I happened to notice this recipe for cottage cheese griddlecakes (pancakes) in The Fannie Farmer Cookbook while preparing another dish. I did a double-take. Yes, this pancake recipe has cottage cheese as the main ingredient. It was too different—I had to try it.

Place 1 cup of cottage cheese in a sieve. (I used a colander.) Press the cottage cheese down to start removing the moisture. Let it stand in the sieve for an hour over a bowl to allow it to dry.

Beat 3 eggs well in a medium-sized mixing bowl. Add the cottage cheese, 2 tablespoons melted butter, ¼ cup of flour, and ¼ teaspoon of salt. Stir together just enough to blend the ingredients.

Add pats of butter to your griddle or skillet and allow it to melt on a medium heat. (A cast iron skillet worked best for me.) Pour ¼ cup of batter onto the hot skillet.

These griddlecakes are delicate. Wait slightly longer to turn than you would a normal pancake or they will fall apart. Then turn them gently.

What’s immediately noticeable is the difference in texture so your first pancake might be too done or not done enough as you figure it out. I let them cook a minute and then started to work the spatula around the edges to prepare it for turning.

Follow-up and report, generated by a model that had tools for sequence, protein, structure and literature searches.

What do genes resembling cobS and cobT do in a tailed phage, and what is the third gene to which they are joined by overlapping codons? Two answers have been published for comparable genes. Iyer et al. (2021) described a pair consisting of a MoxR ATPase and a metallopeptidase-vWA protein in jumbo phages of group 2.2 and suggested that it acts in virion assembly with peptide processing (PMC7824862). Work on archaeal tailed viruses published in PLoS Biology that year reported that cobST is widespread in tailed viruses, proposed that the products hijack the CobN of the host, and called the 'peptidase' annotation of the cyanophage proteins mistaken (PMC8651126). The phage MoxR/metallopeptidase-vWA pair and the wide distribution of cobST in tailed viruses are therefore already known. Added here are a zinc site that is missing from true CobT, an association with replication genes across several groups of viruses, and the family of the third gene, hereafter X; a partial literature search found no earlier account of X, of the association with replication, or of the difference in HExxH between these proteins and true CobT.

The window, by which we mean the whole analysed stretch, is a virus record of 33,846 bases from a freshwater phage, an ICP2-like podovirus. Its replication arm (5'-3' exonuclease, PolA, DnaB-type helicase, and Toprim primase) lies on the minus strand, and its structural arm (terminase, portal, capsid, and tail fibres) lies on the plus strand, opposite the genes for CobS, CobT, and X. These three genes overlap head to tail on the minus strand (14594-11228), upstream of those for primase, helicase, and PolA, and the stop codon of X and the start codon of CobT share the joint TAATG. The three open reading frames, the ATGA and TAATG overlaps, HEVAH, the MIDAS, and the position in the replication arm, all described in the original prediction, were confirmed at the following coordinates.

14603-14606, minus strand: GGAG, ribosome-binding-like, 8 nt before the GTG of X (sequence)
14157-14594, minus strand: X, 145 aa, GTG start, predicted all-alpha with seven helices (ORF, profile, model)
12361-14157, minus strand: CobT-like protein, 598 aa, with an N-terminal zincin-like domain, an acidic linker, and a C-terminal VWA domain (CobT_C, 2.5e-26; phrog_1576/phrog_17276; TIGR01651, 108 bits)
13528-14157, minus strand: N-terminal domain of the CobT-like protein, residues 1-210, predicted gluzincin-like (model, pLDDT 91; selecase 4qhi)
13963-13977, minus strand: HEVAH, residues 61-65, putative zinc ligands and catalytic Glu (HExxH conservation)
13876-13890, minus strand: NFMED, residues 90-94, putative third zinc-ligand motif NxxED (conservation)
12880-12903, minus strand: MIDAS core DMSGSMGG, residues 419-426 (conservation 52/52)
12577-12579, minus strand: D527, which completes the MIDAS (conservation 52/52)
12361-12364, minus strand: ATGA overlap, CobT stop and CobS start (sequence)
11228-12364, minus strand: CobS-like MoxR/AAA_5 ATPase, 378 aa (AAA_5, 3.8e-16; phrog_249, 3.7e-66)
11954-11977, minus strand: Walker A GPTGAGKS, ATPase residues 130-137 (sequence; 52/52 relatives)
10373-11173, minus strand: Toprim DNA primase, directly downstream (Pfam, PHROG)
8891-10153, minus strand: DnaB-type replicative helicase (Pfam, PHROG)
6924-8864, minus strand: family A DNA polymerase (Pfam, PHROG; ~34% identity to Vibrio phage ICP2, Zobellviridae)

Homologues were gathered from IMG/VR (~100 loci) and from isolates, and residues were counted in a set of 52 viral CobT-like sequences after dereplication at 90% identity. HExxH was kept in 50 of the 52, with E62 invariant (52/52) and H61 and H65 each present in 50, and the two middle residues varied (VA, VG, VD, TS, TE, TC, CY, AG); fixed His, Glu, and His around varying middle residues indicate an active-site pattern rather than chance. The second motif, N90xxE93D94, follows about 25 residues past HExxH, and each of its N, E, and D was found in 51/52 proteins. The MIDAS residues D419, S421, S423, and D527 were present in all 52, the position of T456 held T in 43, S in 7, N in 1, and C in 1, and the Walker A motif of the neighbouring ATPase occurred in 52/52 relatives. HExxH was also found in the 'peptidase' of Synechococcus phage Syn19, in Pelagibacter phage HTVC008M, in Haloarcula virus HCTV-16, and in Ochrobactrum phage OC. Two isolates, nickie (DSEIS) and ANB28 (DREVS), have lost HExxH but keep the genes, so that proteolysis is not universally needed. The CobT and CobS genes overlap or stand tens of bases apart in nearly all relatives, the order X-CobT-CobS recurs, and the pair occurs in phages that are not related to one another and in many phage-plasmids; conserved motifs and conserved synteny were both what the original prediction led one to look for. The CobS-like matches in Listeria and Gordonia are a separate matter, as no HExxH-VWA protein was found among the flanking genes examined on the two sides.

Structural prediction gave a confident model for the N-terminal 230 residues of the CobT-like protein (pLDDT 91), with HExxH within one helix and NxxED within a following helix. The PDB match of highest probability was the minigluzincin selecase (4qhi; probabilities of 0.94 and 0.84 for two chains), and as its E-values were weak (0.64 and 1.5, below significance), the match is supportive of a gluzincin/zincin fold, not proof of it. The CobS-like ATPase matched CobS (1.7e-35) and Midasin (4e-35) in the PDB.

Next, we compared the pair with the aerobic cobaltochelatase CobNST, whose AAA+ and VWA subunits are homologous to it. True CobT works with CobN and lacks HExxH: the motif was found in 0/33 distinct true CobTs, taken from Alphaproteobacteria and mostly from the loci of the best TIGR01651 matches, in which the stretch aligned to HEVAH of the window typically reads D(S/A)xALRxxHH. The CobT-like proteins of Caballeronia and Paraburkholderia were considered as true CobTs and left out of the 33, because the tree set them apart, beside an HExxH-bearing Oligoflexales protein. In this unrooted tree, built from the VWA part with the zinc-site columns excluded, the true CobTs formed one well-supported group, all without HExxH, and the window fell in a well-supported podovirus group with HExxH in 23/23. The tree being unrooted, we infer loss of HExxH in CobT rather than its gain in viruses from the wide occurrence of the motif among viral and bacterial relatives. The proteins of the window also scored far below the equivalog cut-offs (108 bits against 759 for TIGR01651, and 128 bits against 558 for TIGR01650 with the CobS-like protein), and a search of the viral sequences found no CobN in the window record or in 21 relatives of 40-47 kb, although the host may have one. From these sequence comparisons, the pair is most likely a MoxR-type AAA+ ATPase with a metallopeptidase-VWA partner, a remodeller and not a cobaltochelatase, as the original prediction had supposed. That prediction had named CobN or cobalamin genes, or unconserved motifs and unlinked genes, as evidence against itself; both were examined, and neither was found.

Surprisingly good! In fact, they reminded me more of a potato pancake with the soft center than a regular pancake. Actually, the taste and texture is about halfway between breakfast pancakes and potato pancakes. They aren’t sweet and require no syrup. Two were a filling, satisfying meal.

I noticed that these were Keto except for the flour so I made them again. This time I substituted the flour for almond flour. I liked these even better with the hint of almond flavor—and they are low carb!

I love to find easy recipes for items normally stocked in the fridge and pantry. I’ll make this again when I want a low-carb pancake.

Let me know what you think!


Revised by Cunningham, Marion and Laber, Jeri. The Fannie Farmer Cookbook, Alfred A Knopf Inc., 1983.

Blueberry Griddlecakes

by Sandra Merville Hart